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DTM Legal looks at the options a company faces when they have doubts about compromising during mediation.

Compromise is said to be the art of dividing a cake in such a way that everyone believes he has the biggest piece but can also be seen as a settlement by which neither side gets what they wanted.

Each perspective may be valid but there is no doubt that the difficulties of compromise reside in the talks themselves and are currently highlighted in Greek/Eurozone discussions which have been in our weekly diet of news since the fall out from the financial crash of 2008.

Angela Merkel, Francois Hollande, Alexis Tsipras and co. have been engaged in round after round of talks that focus on the perceived need for Greece and the Eurozone to remain interconnected.  However, continuous compromises only appear to steer Greece away from the brink for a short period of time before the country slides perilously towards the exit once again. Many wonder where and how this will end with critics doubting the talks will end in anything but failure.

In law, mediation is a flexible, voluntary and confidential form of alternative dispute resolution in which a neutral third party “the mediator” assists parties to work towards a negotiated settlement. The parties involved retain control of the decision on whether or not to settle and on what terms. Although some of these aspects are noticeable in the Greek/Eurozone talks, any attempt at confidentiality is almost impossible with all the media glare.

conference room fightThankfully, the mediation process relating to legal disputes is confidential. It allows more creativity and flexibility over settlement options than resolving a dispute through the courts. The best time to mediate is generally before proceedings are issued and although not mandatory, engaging in mediation can maximise cost and time savings and helps to achieve the overriding objective of the courts to deal with cases justly and proportionately. A failure to consider mediation can have adverse costs implications for a party at a later date.

However parties are sensibly not ordered to engage in mediation as there is little point in proceeding with mediation if the parties are unwilling or it appears doomed to fail.

Mediation can fail for a number of reasons and at various points, for example at the first signs of non-cooperation or perhaps a lack of trust such as where one party will not help in the selection of a neutral mediator.  In such circumstances litigation or arbitration could be used.

Of course, it may not be that mediation fails early but does so further down the road. Commonly, mediation is used to narrow the issues in dispute and at first both parties may be willing and negotiations may go well. However, over time the mediator may find it difficult to prevent conflict between the parties from spreading and it might not be possible to resolve a specific dispute or disputes.

At this point concluding a ‘failed’ mediation may well enable both parties to understand the case against them, evaluate the strength of the evidence against them and even agree on some aspects of the dispute before taking the more partisan issues to an arbitration or court.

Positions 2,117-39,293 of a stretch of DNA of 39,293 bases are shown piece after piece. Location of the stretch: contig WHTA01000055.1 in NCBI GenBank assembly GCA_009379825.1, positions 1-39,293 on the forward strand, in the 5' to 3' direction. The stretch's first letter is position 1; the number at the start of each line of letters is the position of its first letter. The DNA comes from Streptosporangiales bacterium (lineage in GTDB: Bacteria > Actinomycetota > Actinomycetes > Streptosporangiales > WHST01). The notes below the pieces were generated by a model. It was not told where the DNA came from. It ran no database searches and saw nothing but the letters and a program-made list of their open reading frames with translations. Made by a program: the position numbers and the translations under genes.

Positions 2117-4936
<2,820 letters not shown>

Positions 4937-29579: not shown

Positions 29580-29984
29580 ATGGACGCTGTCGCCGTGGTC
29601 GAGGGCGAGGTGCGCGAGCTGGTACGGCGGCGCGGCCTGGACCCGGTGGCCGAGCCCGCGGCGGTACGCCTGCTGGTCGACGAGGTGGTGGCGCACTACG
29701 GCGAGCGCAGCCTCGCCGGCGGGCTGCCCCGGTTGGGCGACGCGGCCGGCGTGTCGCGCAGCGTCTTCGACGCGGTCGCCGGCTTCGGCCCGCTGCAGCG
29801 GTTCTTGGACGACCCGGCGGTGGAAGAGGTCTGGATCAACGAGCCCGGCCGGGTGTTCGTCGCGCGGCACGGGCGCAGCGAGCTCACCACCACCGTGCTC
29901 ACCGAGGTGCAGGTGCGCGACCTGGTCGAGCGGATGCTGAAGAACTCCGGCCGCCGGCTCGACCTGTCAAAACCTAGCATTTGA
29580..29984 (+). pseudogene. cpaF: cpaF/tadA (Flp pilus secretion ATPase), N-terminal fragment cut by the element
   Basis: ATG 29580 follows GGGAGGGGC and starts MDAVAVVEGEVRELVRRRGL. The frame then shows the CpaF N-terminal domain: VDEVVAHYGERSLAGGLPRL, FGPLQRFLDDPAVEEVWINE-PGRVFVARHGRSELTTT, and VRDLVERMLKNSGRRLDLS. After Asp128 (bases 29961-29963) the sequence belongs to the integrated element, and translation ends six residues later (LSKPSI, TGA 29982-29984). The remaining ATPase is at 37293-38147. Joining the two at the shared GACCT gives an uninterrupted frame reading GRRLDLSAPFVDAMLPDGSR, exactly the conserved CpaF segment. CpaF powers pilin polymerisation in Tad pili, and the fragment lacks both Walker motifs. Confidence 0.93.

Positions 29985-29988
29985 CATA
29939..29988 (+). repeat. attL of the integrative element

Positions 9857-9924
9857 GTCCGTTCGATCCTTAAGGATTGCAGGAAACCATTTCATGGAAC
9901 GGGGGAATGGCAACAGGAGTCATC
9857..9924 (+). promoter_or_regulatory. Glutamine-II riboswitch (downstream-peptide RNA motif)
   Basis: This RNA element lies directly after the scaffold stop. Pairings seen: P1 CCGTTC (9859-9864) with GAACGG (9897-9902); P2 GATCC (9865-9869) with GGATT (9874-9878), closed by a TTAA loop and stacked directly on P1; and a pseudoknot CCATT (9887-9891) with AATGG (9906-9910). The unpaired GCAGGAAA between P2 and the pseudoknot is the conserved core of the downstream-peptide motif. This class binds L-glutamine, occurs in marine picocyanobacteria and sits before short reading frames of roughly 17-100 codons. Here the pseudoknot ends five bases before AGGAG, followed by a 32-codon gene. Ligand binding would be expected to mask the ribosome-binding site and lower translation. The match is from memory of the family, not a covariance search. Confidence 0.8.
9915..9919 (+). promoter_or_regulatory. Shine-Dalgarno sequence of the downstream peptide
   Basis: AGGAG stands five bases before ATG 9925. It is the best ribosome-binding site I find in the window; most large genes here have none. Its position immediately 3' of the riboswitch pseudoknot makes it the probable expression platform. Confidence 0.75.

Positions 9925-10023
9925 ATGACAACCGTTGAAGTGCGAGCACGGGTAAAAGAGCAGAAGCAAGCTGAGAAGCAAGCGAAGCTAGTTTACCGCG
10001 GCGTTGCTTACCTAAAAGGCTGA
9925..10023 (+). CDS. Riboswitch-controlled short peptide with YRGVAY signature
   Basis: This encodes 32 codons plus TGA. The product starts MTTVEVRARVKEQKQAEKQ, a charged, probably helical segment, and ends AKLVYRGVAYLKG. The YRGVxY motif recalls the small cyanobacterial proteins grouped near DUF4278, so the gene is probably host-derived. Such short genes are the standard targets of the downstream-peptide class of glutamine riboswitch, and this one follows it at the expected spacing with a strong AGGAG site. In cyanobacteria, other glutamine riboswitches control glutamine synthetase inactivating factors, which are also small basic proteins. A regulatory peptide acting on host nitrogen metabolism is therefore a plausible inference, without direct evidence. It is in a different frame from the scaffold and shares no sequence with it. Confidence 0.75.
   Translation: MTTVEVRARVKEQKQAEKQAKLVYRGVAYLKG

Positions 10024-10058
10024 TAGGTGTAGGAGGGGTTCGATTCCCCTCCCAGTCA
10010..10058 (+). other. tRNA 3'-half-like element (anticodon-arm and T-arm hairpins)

Even if mediation is abandoned initially an arbitrator or a judge may deem it appropriate to continue with mediation in conjunction with litigation or arbitration, using the latter as a spur to co-operation with the former.

In the event of non-settlement the mediator may ask permission to remain in contact with the parties involved, as often settlement can be achieved after a period of reflection in the following weeks or months. If this is not the case the parties are able to pursue their rights either through litigation or arbitration as appropriate and in the knowledge that anything said or done or any documents created for the purpose of the mediation are ‘without prejudice’ and except in very limited circumstances, cannot be relied upon in subsequent litigation or arbitration.

Although the Centre for Effective Dispute Resolution reported that 70% of their cases settled on the day with another 20% settling shortly thereafter, successful mediations require compromise from both sides.

Here are 5 top reasons that should be considered when having doubts about compromising and giving mediation the best chance of not failing:

1. Speed – it takes longer to resolve a dispute through the courts, whereas most mediations last only a day (although preparation is required).

2. A failed mediation may not have failed – there may be no agreement on the day, but airing the issues face to face may mean a settlement is reached soon after, or, at least there may be agreement on some points which leaves fewer points to litigate over and potentially less costs incurred.

3. Higher risk in the courts – proceedings through the courts involve asking a judge to deliver a judgment on the dispute, mediation removes this risk as the parties try to find a solution.

4. Court is confrontational – parties are cross examined. This can be stressful and this can impact detrimentally on your personal and business life.

5. Relationships are less likely to be saved in court proceedings – parties’ positions become entrenched during court proceedings which can mean irreversible damage.  There is less chance of the parties shaking hands and talking again after court proceedings whereas there is a greater possibility of this happening after mediation as the parties will have agreed their own conclusions.

Mediation may not be perfect or even suitable in some circumstances but a failed mediation can have significant implications for the parties involved.

Jim Morris
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